The Common Interest

Dr Martin Weinbaum

Tall, grey, thin to the point of bony, he moved slowly and rather ominously into the noisy classroom, head and body bent as if in deep thought. In fact he was a jolly man, with a wicked sense of humor and an unexpectedly booming laugh. He began each class with a slowly unfolding story in a voice both so quiet and heavily accented it forced you to listen and listen hard.

The classroom at Queens College went silent as he approached the front. Everyone waited for the wit and bite of his introduction, hoping it wouldn’t be directed at them. His tongue could sting.

A middle-aged naughty boy was Dr Weinbaum, one from a world quickly fading into the past.

He was German and spoke the way Germans sounded in the movies. Oscar Homolka, perhaps. Or Kurt Jurgens.

He called the university he went to Leipschhig.

Dr Weinbaum was a link in the long academic lineage of begats and taught-bys going back to Marx and Leibniz and Hegel: the Exodus list for 19th and 20th Century Historians and Philosophers. Such a linked tradition defined for us what it was to be European, when European was a culture and not a geography.

(Curious now, that when the EU is practically Europe Incorporated, there seem to be so few “Europeans”: plenty of French, Swedish, Dutch, Hungarians, and of course Germans, and all to some degree Americanized. As for the Brits–or more pointedly the English—they were never Europeans and never wanted to be. For them Europe was always an economic proposition.)

Although it was not his native tongue, Dr Weinbaum spoke English perfectly, deliberately, always in complete sentences. His mind and mouth were in sync. There were no ahs, or ups, no contractions. And no lazy slang. Compared to the buddiness culture shared by students and the younger faculty at Queens, he was all formality. Male students were addressed as “Mister”: females, with great courtesy, were “Miss”.

In his voice you could hear Weimar and Oxford. Or in his case, Manchester. Clearly an Anglophile, the English came with slightly archaic expressions: chums, piffle (a significant put-down if directed at at a paper you produced) and kerfuffle were favorites. But for his Germanic gravity you might have thought he had recently spent the weekend with Bertie Wooster.

When it came to history Dr Weinbaum was all business. History was written and spoken with a capital H.

Ideas and arguments were as real as the chairs in the room. Those of and between Hegel, Marx, Feuerbach, Karl Popper, Ernst Cassirer and Martin Buber populated his head and therefore ours. He and many of his soul brothers were refugees, or perhaps one should call them escapees. One by one his contemporaries had abandoned the intellectual hothouses of German universities and turbulent cafés of Europe for the less intense and more democratic airs of London, New York and Tel Aviv. Some with luck and foresight went in the early 30’s. Some scraped under the (barbed) wire to the sound of guns.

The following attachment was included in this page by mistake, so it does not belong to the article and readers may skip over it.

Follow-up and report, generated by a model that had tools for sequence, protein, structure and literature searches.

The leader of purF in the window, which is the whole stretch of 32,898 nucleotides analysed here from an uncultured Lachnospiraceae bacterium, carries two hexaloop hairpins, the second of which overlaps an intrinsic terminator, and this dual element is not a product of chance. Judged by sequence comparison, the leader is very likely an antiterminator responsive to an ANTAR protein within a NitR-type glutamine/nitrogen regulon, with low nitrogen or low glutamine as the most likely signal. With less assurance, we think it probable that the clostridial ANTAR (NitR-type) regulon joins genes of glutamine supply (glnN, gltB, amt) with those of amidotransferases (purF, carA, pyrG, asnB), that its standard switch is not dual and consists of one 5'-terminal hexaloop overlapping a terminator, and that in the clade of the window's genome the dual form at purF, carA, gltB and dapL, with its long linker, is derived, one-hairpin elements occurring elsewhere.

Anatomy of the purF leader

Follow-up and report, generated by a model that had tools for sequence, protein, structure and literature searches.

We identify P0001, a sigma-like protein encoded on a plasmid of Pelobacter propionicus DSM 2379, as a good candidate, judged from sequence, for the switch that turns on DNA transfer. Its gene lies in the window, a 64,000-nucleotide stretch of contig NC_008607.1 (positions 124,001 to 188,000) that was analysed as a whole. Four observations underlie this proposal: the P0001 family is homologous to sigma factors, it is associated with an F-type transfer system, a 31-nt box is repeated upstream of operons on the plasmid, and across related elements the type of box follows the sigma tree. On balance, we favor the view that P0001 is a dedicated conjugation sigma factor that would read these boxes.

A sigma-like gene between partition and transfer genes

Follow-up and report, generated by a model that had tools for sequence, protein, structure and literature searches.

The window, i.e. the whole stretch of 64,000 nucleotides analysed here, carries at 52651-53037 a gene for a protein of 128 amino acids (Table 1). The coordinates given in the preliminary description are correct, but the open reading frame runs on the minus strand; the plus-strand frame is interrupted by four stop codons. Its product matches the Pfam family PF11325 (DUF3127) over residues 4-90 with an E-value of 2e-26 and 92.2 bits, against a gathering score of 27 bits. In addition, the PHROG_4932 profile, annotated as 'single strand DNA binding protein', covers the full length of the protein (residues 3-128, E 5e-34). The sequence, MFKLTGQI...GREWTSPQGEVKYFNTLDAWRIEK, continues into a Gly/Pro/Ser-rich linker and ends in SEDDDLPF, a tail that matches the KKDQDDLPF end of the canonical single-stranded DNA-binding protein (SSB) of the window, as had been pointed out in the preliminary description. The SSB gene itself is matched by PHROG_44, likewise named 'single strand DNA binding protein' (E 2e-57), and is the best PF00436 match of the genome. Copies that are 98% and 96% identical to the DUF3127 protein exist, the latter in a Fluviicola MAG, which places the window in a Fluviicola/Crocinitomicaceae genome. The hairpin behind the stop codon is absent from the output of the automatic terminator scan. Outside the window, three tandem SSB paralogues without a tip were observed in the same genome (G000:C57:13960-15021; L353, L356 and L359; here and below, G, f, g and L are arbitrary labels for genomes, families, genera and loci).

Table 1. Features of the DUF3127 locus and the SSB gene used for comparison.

Weinbaum was of the former. After a spell at the University of Manchester in the 30’s where he studied, wrote, and became a leading expert on, of all things, English Borough Charters in the Middle Ages*, he landed in New York and began teaching at Queens College.

It now seems I met him at the moment the optimism of post-World War II America ran smack into the fractiousness of Viet Nam America, which was to grow into the fractiousness of the culture wars, the Iraq War and its extensions.

Campuses became mini war zones with daily demonstrations. Seminars on historicism inside, war protesters outside.

Around this early in the Viet Nam War (1964) many of the protestors were recently returned ex-army, and loudly for it. Noisy Patriots, they wore their army jackets and medals. They demonstrated against those of who were against the war, the Un-Americans, who could have been their younger brothers. They had army jackets too, but ratty old ones emblazoned with “Hell no! We won’t go!”: more concerned with street style and ironic commentary on allegiance.

Amidst the commotion it was hard to tell if Dr Weinbaum took in what was going on.

But never fear. He was a man who had seen the old world untethered, disintegrate and fall at his feet. He knew what to look for. Could the same be happening here in this, his second adopted country?

One day he walked into class and a dropped a new magazine on his desk. It had just launched. It was called “The Common Interest”.

Dr Weinbaum asked us about competing definitions of freedom and liberty and what elements of common belief held a democratic society together, or kept it from breaking apart?

He was fascinated with the magazine’s name.

What exactly, he asked, with the ruckus outside, was our common interest?

In retrospect. with the advantage of 20/20 hindsight—and especially the experience of the Obama years and the 2016 election—one might today answer that the magazine appeared at the very moment in America when there stopped being any.

*British Borough Charters 1307 – 1660.

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